Game for students aims to make Congress serious fun

In "Government in Action," players are newly elected representatives whose party and home district are determined for them.

Story highlights

  • "Government in Action" lets players serve as a member of Congress
  • The game from McGraw-Hill is designed to be used in college classrooms
  • Player, who's newly elected, is randomly assigned a party and district
  • Congressman hopes game will help students understand lawmaking
These days, both violent video games and Congress have come under fire in the media and the court of public opinion, albeit for different reasons.
Now, McGraw Hill Education hopes to change the perception of both gaming and the nation's lawmakers with "Government in Action," a 3-D multiplayer game.
Designed for the college freshman American government course, which is taken by more than 750,000 students every year, the game allows players to experience the intricacies of life as a U.S. representative -- and explain why actually getting legislation passed isn't always as easy as it would seem.
For today's digital generation, it may prove a fresher approach to complex subject matter than the traditional textbook.
Rep. John Tierney, D-Massaschusetts, who worked with game developer Muzzy Lane Software, hopes this game will be another tool to get students interested in learning more about how Congress works.
"The ability to interact rather than just reading a text in this technology-driven age will probably drive more interest," Tierney said. "Video games with a core educational component may supplement traditional materials, such as textbooks, and may enable students to improve their understanding of certain subjects."
The game begins with the player getting elected to the House of Representatives, with two years to get re-elected. According to Stephen Laster, chief digital officer at McGraw-Hill Education, the goal is to build up political capital, awareness, approval and influence in multiple ways.
Gameplay takes place both in Washington and in the player's home district. The game will randomly assign players a congressman and political affiliation, and the president of the United States will also be randomly determined with each play. The game allows players to meet with the president and go to the Supreme Court.
"Players will need to work with both national and local media, appease local and national lobbyists, hold fundraisers and find co-sponsors of bills that will keep their constituents happy and align with their own political ideologies of left, centrist or right," Laster said.
"In multiplayer, which supports up to 18 players, fellow classmates can join together to co-sponsor bills, and the game's been designed to be customizable based on how the instructor wants to utilize it during his class or throughout a semester."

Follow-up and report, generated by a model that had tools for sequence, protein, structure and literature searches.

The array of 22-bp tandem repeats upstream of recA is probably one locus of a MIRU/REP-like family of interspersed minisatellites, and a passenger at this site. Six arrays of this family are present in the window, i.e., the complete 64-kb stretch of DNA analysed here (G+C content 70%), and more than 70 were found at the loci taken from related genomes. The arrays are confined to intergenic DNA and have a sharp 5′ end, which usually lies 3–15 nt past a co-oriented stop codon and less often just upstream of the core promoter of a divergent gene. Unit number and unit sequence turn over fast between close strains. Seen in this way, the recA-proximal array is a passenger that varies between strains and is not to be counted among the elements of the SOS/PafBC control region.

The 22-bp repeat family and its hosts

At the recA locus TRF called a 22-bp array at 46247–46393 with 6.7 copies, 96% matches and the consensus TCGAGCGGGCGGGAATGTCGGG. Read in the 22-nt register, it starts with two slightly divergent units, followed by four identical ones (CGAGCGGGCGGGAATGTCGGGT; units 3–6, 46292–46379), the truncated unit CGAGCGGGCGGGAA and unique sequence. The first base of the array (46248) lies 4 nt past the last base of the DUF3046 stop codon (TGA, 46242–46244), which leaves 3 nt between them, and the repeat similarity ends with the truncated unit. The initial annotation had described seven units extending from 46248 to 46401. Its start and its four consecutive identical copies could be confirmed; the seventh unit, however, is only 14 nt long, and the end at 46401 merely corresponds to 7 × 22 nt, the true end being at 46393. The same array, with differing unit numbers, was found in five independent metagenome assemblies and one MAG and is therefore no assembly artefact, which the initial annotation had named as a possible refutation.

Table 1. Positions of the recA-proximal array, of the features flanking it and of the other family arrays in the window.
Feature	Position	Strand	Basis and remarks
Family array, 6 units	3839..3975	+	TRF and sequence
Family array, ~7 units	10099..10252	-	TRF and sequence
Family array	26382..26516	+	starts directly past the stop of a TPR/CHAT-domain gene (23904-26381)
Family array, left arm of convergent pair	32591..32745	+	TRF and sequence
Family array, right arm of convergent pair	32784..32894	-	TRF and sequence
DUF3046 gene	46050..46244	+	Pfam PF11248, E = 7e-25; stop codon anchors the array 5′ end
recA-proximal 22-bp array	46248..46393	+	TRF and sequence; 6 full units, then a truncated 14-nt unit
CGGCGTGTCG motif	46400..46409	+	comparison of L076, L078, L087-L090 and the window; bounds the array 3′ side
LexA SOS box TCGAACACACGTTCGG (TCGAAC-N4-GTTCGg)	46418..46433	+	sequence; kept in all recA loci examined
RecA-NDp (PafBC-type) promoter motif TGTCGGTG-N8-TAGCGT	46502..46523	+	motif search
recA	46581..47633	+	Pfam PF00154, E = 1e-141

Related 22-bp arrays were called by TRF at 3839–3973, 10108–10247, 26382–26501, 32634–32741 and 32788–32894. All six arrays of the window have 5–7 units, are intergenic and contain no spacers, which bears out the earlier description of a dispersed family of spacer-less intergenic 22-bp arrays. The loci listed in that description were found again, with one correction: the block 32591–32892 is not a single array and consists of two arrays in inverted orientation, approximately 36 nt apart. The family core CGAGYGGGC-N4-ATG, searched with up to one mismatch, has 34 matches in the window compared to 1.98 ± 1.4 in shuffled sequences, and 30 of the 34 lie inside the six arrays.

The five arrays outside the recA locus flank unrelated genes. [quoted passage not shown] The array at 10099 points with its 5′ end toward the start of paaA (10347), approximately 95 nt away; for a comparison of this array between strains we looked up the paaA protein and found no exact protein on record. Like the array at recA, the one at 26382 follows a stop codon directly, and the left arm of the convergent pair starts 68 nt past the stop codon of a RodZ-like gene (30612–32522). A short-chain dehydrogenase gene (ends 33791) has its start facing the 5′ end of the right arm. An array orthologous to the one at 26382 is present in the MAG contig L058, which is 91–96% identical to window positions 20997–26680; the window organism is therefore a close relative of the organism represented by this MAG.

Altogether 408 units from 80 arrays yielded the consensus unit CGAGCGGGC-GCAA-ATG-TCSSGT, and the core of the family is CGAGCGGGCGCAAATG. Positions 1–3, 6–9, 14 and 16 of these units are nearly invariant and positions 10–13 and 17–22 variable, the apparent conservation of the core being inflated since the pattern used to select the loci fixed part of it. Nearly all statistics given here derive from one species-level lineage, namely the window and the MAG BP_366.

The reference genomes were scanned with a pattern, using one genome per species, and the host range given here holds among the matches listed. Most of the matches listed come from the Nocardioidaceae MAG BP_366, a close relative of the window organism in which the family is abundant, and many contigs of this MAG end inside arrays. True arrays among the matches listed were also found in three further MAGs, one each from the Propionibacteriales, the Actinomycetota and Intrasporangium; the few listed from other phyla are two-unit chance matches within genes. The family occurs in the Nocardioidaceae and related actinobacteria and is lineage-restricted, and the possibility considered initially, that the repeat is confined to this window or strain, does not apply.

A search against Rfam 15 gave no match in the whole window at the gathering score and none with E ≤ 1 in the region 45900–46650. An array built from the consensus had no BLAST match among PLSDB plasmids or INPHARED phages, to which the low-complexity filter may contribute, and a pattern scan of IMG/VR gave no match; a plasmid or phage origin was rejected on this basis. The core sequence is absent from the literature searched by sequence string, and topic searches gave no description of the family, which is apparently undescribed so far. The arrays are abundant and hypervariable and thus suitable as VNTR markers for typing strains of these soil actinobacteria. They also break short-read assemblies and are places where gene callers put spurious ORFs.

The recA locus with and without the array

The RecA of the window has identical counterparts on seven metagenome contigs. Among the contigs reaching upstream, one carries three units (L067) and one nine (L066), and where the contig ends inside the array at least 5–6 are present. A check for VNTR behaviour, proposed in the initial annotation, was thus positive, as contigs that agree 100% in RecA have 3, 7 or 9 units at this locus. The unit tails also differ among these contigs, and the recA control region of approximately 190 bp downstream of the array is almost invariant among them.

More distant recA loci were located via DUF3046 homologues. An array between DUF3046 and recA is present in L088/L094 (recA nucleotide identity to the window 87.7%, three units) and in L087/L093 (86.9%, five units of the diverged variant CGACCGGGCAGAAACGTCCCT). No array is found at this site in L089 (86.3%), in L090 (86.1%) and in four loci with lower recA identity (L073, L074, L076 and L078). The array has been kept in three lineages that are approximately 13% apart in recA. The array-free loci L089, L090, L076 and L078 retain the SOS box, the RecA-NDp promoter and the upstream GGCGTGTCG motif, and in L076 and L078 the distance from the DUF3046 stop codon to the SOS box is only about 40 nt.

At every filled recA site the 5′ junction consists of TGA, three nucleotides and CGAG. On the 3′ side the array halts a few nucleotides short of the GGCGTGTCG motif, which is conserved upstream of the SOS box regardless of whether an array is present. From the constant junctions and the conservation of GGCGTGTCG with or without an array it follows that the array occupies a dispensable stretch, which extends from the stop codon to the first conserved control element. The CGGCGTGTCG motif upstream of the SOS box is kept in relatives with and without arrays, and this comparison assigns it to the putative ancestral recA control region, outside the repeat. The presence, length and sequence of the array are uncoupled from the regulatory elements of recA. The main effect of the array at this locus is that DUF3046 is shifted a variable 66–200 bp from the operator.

The game, which is part of the McGraw-Hill Practice suite of hands-on, experiential learning games, was tested in schools across the country, including Georgia Perimeter College, Collin Community College in Texas, California State University, San Diego State, Richland College in Texas and Clayton State in Georgia.
Professor Jason Seitz of Georgia Perimeter College said the game helped his students tie all of the concepts in his course together to develop a deeper understanding and knowledge of the subject. "With an engaged classroom, I can spend less time transferring facts and more time exploring implications," he said.
Despite the negative press that video games sometimes get, they're changing the way subjects are being taught in classrooms across the country. According to a March 2012 survey of teachers, 32% use games two to four days per week, while 18% use them every day. An overwhelming 70% of teachers agreed that using digital games boosts motivation and engagement, and 62% of teachers said that games make teaching easier.
Dave McCool, president and CEO of Muzzy Lane Software, said the challenge with serious games is to make them both fun and educational. While there have been proven benefits of using games as part of educational curriculum, educational games aren't flooding the market.
"The fact that 'Oregon Trail' and 'Carmen Sandiego' still stand out after 30 years isn't great from the perspective of how powerful good, serious games can be," McCool said.
McCool's team is expanding "Government in Action" to work on iPad and Android tablets to take advantage of touch controls. The iPad version of the game will make its debut at the 2013 SXSWedu conference in Austin, Texas.
"Educators seem to have more tools available to them than ever before, and there's no doubt that, when appropriately utilized, technology has the capacity to enhance the classroom experience," Tierney said. "The key, of course, is to familiarize and excite teachers to maximize its use in the most positive way."
As is the nature of gaming, "Government in Action" has been designed to be addictive. Instructors have found that students will replay the game again and again to explore myriad options, as well as to compete on the leaderboard.
Making virtual government fun is quite an achievement. Now, if these game developers could just translate that into the real-world government, that would be something else.